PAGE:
So to return to the color guard story, our season began with band camp in August and ended around Thanksgiving. At Christmas time that year (my freshman year of high school, 2000), my mom noticed a small bald spot near the back of my crown of my head. It was about the size of a pencil eraser. Since I had been pulling my hair back tight for guard, we figured I probably just needed to be careful and let it grow back, but we also kept an eye on it. By Easter time it was the size of a quarter and we started seeing dermatologists. The first one we went to looked at my from the doorway of the office and said "alopecia, nothing I can do" and walked away. Later, when I looked up 'alopecia', I found out that's really just a term for the symptom of hair loss, and has NOTHING to do with the cause. Obviously we went to another doctor. In the meantime, somehow we were directed to a rheumatologist (and I had begun having severe dehydration issues, serious enough for multiple emergency room visits and one overnight admission). That rheumatologist told me to insist that the next dermatologist do a biopsy of the area. At this point he was considering discoid lupus, along with other things. So, when I went to a new dermatologist who was convinced it was discoid lupus from a visual exam, I still asked her to do a biospy anyway. Good thing, the result was localized scleroderma.
Not to get side tracked again, but I do want to clarify that localized scleroderma and systemic scleroderma are two related but very different things. My localized scleroderma was only active for a 2-3 year period and affected a specific area on my body. Systemic scleroderma affects (or can) the entire body, does not go "inactive" after a period of time, and can be fatal. Anyway once we got the scleroderma diagnosis everything sped up more. My rheumatologist was an adult doctor, and though I was 15, he said he was not comfortable treating a pediatric patient. He helped direct me to a doctor at DuPont Hospital for Children, who happened to be world-renowned and a top doctor to boot. Once I got to DuPont, that doctor and his fellow (who would takeover as my rheumatologist when the original doctor finally retired) were a Godsend. They quickly came up with the Sjogren's diagnosis (and therefore, treatment plan), and over time pieced together many of the mystery symptoms I had been coping with.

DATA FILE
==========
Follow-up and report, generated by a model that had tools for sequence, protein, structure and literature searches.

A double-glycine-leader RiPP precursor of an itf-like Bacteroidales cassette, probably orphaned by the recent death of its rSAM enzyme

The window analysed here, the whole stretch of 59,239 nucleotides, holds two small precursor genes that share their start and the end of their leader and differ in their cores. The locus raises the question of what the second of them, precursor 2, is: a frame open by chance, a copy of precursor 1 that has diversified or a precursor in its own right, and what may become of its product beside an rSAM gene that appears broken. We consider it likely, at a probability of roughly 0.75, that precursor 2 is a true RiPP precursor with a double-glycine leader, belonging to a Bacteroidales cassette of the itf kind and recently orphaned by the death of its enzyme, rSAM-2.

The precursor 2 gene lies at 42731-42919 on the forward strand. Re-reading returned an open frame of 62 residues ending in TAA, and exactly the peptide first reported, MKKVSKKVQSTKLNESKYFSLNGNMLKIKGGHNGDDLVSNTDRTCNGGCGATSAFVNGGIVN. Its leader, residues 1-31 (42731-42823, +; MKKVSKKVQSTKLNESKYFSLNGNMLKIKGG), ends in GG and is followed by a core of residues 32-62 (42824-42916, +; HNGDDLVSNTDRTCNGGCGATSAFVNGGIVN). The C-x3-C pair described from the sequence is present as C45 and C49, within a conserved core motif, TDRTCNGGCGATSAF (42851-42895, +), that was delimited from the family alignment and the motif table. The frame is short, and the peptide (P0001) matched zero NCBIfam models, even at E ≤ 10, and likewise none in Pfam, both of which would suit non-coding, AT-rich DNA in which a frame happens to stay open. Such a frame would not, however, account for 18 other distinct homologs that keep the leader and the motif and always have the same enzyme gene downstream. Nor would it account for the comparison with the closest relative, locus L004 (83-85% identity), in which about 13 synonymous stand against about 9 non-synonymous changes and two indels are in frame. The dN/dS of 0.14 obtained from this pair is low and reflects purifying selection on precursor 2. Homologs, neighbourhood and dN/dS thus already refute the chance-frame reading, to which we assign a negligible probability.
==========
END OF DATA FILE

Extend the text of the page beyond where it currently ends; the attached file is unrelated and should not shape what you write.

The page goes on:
I thought at first I'd have to give up everything I had just gained - I was told to stay out of the sun, use all kinds of sun protection, drink all the time to stay hydrated, and a million other things. When I joined the color guard (remember, the reason I had so much sun exposure in the first place), I became a new person in many ways. I had just started high school, found a niche (and one I was great at!), made a ton of new friends, looked better than ever...the list goes on. I saw it all slipping away - how could I be in color guard when I was supposed to stay out of the sun and drink water all the time (as I said, we had very limited water breaks)...oh and I forgot to mention that since the season extends into November, I had to battle the cold with my stiff arthritic joints, and especially with the Raynaud's diagnosis I was told to avoid this situation as well. It seemed that all doors that should have been opening were closing - travel plans, a social life, etc etc. However, my doctors were great. They listened to my fears and helped me through the adjustment period while also helping me figure out how to hang on to the things that were most important to me.
If you don't have chronic illnesses, please understand that this is only the story of how I got the first set of answers. After that year, I had a name (well, names) for my most pressing problems, but these conditions change. Over time, other diagnoses developed or came to light, and like most people I know in the II world, my diagnoses list has grown and probably will continue to do so. By definition, none of these chronic illnesses will ever go away, so I just have to keep adding. Conditions can mask or imitate each other, which adds to the confusion and evolving diagnoses list. However, getting through this stage was crucial. It was the point at which I was able to move toward control.